There are also some features that don’t land on our roadmap until we get more experience running the system, such as live upgrades from one release to the next, component packaging, and automatic generation of release notes.
JAXenter: Knative is built on top of Kubernetes, how is Istio involved in the Knative ecosystem?
Evan Anderson: Kubernetes provides a robust container scheduling layer, but Kubernetes networking tools (service) were too primitive for the features we knew we wanted to build in Knative. Istio enables core Knative features such as percentage-based canary of new code and configuration and common security controls in the request path. Istio’s service mesh model matched our experience at Google and gave us a lot of the network routing capabilities for free (meaning that we only needed to write the configuration to request it).
One of the interesting post-launch feedback items we heard from several members of the community was that they couldn’t use Istio in their environment, but still wanted to use Knative. So something we’ve been looking at for future releases is creating internal custom resources (CRDs) to represent the desired Knative state for routing or load-balancing, and then using those CRDs as extension points so you could replace Istio with Contour or Linkerd if desired. In some cases, you might end up with a slightly longer network path or fewer authentication features, but it widens the set of use cases that Knative can address.
JAXenter: How is Knative different from AWS Lambda and Google Cloud Functions?
Evan Anderson: First of all, Knative is a set of software building blocks, not a hosted and packaged solution like Lambda and Cloud Functions. Being a set of building blocks is different from hosted and packaged services in a few ways:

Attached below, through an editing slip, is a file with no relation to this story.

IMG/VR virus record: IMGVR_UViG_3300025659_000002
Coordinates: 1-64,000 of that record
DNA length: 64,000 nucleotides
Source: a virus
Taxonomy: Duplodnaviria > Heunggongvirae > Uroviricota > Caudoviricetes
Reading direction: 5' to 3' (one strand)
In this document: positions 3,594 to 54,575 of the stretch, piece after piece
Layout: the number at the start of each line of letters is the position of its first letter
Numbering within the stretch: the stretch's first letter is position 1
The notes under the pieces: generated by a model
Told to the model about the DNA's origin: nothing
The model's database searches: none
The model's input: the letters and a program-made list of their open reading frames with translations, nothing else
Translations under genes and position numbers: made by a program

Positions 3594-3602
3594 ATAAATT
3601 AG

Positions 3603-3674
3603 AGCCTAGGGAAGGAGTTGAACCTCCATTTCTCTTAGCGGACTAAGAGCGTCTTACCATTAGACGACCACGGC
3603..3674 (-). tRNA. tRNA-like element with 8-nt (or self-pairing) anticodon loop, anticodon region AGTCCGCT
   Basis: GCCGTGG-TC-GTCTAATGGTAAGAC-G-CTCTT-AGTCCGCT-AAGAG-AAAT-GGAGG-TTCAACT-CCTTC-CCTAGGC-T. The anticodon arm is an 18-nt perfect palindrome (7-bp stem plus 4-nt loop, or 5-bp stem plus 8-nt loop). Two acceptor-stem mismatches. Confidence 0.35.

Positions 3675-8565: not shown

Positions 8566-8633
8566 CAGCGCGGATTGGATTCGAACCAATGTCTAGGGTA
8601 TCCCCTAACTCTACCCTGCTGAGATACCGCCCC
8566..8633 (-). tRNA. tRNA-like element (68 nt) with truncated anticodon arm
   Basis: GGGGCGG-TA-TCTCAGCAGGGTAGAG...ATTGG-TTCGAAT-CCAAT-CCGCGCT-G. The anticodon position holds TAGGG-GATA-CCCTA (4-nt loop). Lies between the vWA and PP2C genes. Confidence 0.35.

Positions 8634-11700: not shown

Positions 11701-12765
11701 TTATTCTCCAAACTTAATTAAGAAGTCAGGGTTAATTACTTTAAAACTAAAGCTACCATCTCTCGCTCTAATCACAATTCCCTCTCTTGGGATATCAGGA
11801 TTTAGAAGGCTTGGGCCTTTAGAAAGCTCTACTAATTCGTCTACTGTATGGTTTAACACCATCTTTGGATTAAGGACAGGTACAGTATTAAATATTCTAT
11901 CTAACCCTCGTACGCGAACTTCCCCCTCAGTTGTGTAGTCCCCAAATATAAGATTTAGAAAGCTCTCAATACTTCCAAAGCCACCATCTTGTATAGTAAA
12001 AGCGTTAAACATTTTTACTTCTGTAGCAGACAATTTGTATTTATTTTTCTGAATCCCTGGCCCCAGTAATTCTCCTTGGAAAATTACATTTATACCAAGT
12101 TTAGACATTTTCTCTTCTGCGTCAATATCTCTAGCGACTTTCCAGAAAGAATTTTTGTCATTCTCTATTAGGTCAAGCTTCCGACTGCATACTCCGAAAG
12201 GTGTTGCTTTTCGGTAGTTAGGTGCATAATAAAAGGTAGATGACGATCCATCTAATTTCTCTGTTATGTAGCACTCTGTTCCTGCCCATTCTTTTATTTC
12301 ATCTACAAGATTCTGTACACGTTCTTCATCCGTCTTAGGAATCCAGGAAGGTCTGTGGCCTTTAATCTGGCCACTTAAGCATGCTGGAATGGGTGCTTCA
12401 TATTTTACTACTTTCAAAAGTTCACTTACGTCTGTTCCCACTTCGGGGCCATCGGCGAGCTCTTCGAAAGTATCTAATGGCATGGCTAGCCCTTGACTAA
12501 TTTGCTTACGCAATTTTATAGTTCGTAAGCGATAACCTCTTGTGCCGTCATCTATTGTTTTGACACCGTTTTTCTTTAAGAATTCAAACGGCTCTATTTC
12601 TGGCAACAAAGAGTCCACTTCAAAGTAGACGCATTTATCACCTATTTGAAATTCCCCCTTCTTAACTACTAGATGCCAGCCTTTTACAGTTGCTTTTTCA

You can run it locally using minikube, or install it onto a Kubernetes cluster anywhere (including on AWS or Google). Because you can run Knative yourself, we divide up our customers into three groups:
Developers: these are our end-users who are solving business problems by writing code. Typically, they want their code to just run and scale with no extra work on their part.
Operators: these are the IT professionals running Knative to provide a serverless experience to developers. This could be a cloud provider or in-house private cloud – in either case, they are managing servers and upgrades.
Contributors: these are the community members who are working on Knative itself. Contributors need ways to build and test Knative itself.
Existing hosted FaaS offerings target source deployments (i.e. upload your Node or Python code as a zip file). Knative can take a source upload and build a container, but it also works with any existing workflows that produce a container, including languages that Knative doesn’t have any native support for yet. (for example, we even have Dart, Kotlin, Rust, and Haskell samples!)
Portability: Knative isn’t tied to a single cloud vendor – it’s hybrid and cross-cloud. There will be plugins to enable vendor-specific features (like Google Stackdriver for logs), but the core experience and runtime behavior will translate from one cloud to another.
It’s OSS! You can download the source code, contribute your bug fixes, and participate in the working groups to make it better.
JAXenter: Serverless is on the rise, although the name is misleading – servers are still needed at some level. But why is serverless such a big topic at the moment?
Evan Anderson: I’m not quite sure why serverless didn’t take off sooner. The PaaS phenomenon in 2008-2012 (Heroku, App Engine, Cloud Foundry, and others) had most of the same key ingredients: stateless process scale-out, server-side build, integrated monitoring. Probably one of the key areas that’s gotten a lot better is the actual server-side infrastructure. Back when Google App Engine launched in 2008, there were a lot of limitations that were a product of the times: limited language choice, single vendor, no escape hatch to other styles of compute. Today, something like Cloud Functions or Lambda is still single-vendor, but the language choices are wider and the overall cloud ecosystem has gotten a lot deeper.
Regardless of “why now”, there are a lot of benefits to adopting a stateless, request-driven compute model (combined with pay-per-use, I think this is the core of serverless). Much like the event-driven model in desktop UI, handling a single event or request at a time often leads to simpler, more stable code. The architecture also lends itself fairly naturally towards developing in the 12-factor pattern, and a lot of the undifferentiated heavy lifting around monitoring, request delivery, and identity is taken care of for you, which is a huge productivity win. This also makes serverless systems stable and self-repairing, which is great for both hobby and enterprise projects where maintenance work is expensive.
JAXenter: Thank you very much!